- Qatar is appealing to Washington for help ending the Saudi-led blockade
- Jordan has been forced into an uncomfortable position by Saudi Arabia over Palestine
- A united effort to undermine Saudi sway over Trump by America’s other Arab allies, including Qatar, Jordan and Turkey is increasingly likely
By Eleanor Beevor
Qatar is on a charm offensive, seeking to lift the blockade imposed on it by the Saudi-led coalition in mid-2017. This has been at its most evident in the early months of 2018, as the embattled emirate has hosted a series of American right-wing pro-Israeli figures, including the chair of the Zionist Organisation of America, Mort Klein.
Unlikely though this might seem for a nation that has a history of supporting Islamist movements, including Hamas, it is part of a strategic PR campaign to drive a wedge between Saudi Arabia and its allies, and Washington.
Jordan and Qatar have never had a very easy relationship. But they both have an interest in preventing Donald Trump from giving Saudi Arabia’s upstart power-broker Mohammed Bin Salman sole control of American Middle East policy.
“Because the Trump White House has abdicated the traditional American role of working to align allies in the Arab World with one another, we have a new situation where local powers are increasing competitive and sometimes confrontational. Trump’s Jerusalem announcement inserts another such division within the Arab world that Jordan will have to navigate”, Hady Amr, a Non-Resident Senior Fellow at the Brookings in Washington, told Al Bawaba.
Jordan needs to collect supporters in the wake of Trump’s Jerusalem announcement if it is to resist Saudi Arabia’s attempts to pressure it into ceding ground on Palestine. It cannot afford to alienate Saudi Arabia too much. “Jordan needs financial support from the Saudis, and they both need each other in the continuing struggle against ISIS”, David Ottoway, a Middle East Fellow at the Woodrow Wilson Center, told us. Whilst Jordan has failed to secure a reliable stream of aid from the Gulf Cooperation Council countries since early 2017, it is still trying to court GCC investment and a restoration of that aid to shore up its ailing economy.
But nor can Jordan afford to look soft on Trump, given its huge Palestinian population and the historical responsibility of the Hashemite monarchy towards Palestine. Saudi Arabia, keen to court Trump’s support above all else, has tried to rein in Jordanian resistance to both the Jerusalem decision and a forthcoming American-led peace proposal, and so far Jordan has resisted. It has grown closer to Turkey, whose President Erdogan is keen to fashion an image as a leading defender of the Muslim world.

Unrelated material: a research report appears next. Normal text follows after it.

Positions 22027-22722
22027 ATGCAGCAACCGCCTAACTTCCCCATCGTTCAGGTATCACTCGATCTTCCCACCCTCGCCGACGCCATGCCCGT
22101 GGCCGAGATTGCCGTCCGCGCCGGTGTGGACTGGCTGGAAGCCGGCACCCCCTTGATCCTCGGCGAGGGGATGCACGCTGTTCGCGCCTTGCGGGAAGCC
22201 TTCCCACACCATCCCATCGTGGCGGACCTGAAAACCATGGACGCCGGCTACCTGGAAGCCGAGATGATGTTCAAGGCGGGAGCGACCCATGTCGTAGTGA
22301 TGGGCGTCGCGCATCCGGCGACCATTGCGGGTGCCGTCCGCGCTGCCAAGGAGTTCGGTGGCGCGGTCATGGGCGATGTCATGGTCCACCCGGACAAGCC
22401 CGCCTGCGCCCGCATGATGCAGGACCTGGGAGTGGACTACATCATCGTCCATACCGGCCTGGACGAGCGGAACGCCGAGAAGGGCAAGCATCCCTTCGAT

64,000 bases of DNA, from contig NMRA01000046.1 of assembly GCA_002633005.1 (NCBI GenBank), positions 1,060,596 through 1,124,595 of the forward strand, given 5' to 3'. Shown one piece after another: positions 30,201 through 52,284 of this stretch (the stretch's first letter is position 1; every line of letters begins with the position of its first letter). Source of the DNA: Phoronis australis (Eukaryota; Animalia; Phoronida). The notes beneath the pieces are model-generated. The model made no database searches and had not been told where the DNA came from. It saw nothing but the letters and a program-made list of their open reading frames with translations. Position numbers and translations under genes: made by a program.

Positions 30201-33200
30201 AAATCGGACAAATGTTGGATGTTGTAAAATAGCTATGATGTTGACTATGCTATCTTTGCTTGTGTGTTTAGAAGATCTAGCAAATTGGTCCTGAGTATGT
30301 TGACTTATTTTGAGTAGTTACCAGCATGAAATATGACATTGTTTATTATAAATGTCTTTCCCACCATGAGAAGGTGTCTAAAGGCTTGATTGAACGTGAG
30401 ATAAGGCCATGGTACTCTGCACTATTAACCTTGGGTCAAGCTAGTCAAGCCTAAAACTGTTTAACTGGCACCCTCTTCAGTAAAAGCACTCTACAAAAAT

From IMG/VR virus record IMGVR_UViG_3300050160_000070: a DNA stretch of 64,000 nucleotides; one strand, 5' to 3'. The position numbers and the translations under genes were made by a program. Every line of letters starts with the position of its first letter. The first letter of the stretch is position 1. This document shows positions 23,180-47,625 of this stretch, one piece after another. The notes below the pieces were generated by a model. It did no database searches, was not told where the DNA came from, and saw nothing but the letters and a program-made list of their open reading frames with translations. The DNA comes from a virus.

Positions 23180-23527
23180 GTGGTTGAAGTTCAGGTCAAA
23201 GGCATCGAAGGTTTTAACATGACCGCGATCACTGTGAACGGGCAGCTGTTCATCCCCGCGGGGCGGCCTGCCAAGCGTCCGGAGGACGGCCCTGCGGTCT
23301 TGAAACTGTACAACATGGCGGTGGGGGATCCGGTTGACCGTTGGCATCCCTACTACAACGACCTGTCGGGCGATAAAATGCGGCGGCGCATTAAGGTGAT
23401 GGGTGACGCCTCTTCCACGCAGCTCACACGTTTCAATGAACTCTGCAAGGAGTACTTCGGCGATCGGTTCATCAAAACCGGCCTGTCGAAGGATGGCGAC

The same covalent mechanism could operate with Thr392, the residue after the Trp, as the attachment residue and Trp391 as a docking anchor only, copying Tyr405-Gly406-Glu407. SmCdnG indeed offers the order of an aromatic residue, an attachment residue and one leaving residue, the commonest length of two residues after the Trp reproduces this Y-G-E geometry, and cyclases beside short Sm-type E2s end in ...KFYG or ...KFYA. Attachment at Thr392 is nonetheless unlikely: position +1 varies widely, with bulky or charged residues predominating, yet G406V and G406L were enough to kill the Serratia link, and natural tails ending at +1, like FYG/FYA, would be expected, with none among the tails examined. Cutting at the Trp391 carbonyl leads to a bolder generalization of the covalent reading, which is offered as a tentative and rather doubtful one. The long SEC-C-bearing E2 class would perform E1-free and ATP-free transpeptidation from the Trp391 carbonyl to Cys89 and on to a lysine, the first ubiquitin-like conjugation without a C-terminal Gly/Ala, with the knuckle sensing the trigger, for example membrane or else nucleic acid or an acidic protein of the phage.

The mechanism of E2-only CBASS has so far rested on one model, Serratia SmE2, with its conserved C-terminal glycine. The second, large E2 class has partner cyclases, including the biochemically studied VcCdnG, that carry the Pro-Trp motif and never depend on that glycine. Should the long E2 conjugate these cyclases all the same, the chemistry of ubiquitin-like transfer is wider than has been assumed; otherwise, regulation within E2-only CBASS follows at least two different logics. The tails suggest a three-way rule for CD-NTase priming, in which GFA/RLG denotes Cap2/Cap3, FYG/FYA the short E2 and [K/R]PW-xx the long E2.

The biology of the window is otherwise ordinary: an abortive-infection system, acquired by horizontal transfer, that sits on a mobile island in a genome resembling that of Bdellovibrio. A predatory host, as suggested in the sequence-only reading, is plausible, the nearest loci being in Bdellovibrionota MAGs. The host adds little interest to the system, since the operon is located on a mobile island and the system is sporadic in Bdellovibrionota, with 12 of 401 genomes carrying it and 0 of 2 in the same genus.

For that, Qatar could prove useful company. True, there have been tensions between the two countries, and there are plenty of points over which new ones could develop. Qatar, for better or for worse, has bet on Islamist movements winning eventual control of the Middle East, which led to the blockade itself, and may complicate its chances of finding allies to help it out of it.
This goes for Jordan too. The Jordanian monarchy is deeply mistrusting of the Muslim Brotherhood, not least because the Jordanian branch of the organisation is the backbone of the main opposition party. Qatar, on the other hand, has broadly supported the movement, and attracted Egyptian ire in doing so, which was manifested in the blockade. Likewise, Qatar’s past support of Hamas clashes with Jordan’s better relations with Fatah.
That said, Jordan’s cautious foreign policy has shown Qatar some leniency in the past. Whilst it did join the Qatari blockade under Saudi pressure, it did so moderately. It downgraded relations with it, but did not expel Qatari citizens. It did revoke Qatar’s Al Jazeera network broadcasting licence, but did not prevent consumption of the online site. That may have been partly to protect the Jordanians living in Qatar, or the $2 billion dollars-worth of Qatari investments in Jordan.
Jordan now has more contemporary reasons to try and help Qatar. Prior to the blockade Qatar bought 11% of Jordanian agricultural exports, but the closure of the Saudi land border has hampered their trade enormously. But more importantly, Jordan needs to be able to mediate American policy in the Middle East by tempering Saudi influence. That can best be accomplished if a broader range of voices that are credible to America express their objections to Saudi unilateralism.
Despite Saudi Arabia’s best efforts, Qatar has retained a working relationship with US Secretary of State Rex Tillerson and Secretary of Defence Jim Mattis, who both agree that feud in the GCC accomplishes little save for pushing Qatar towards Iran. Tillerson has already stated that the blockade’s instigators’ demands are unreasonable, and has praised it as an American ally.
Qatar also has the staunch backing of Turkey, who sent troops to defend the Emirate when they suspected there was a risk of a full-scale invasion. President Erdogan and Jordanian King Abdullah have also grown closer since the Jerusalem announcement, presenting a united front against the decision and an American-led peace deal that would be unfavourable to Palestine. Whilst Erdogan has a tricky relationship with Washington at the moment, he remains necessary to the American strategy in Syria.
As a result, an increasingly united effort to mitigate Saudi Arabia’s hold on Trump’s Middle Eastern policy is likely to emerge. The best chance that states opposed to Trump’s decision have of influencing the coming events is for America’s other Arab allies to present a united front. Whether they will be able to contain the effects of the last few months remains to be seen, but they certainly cannot do it alone.
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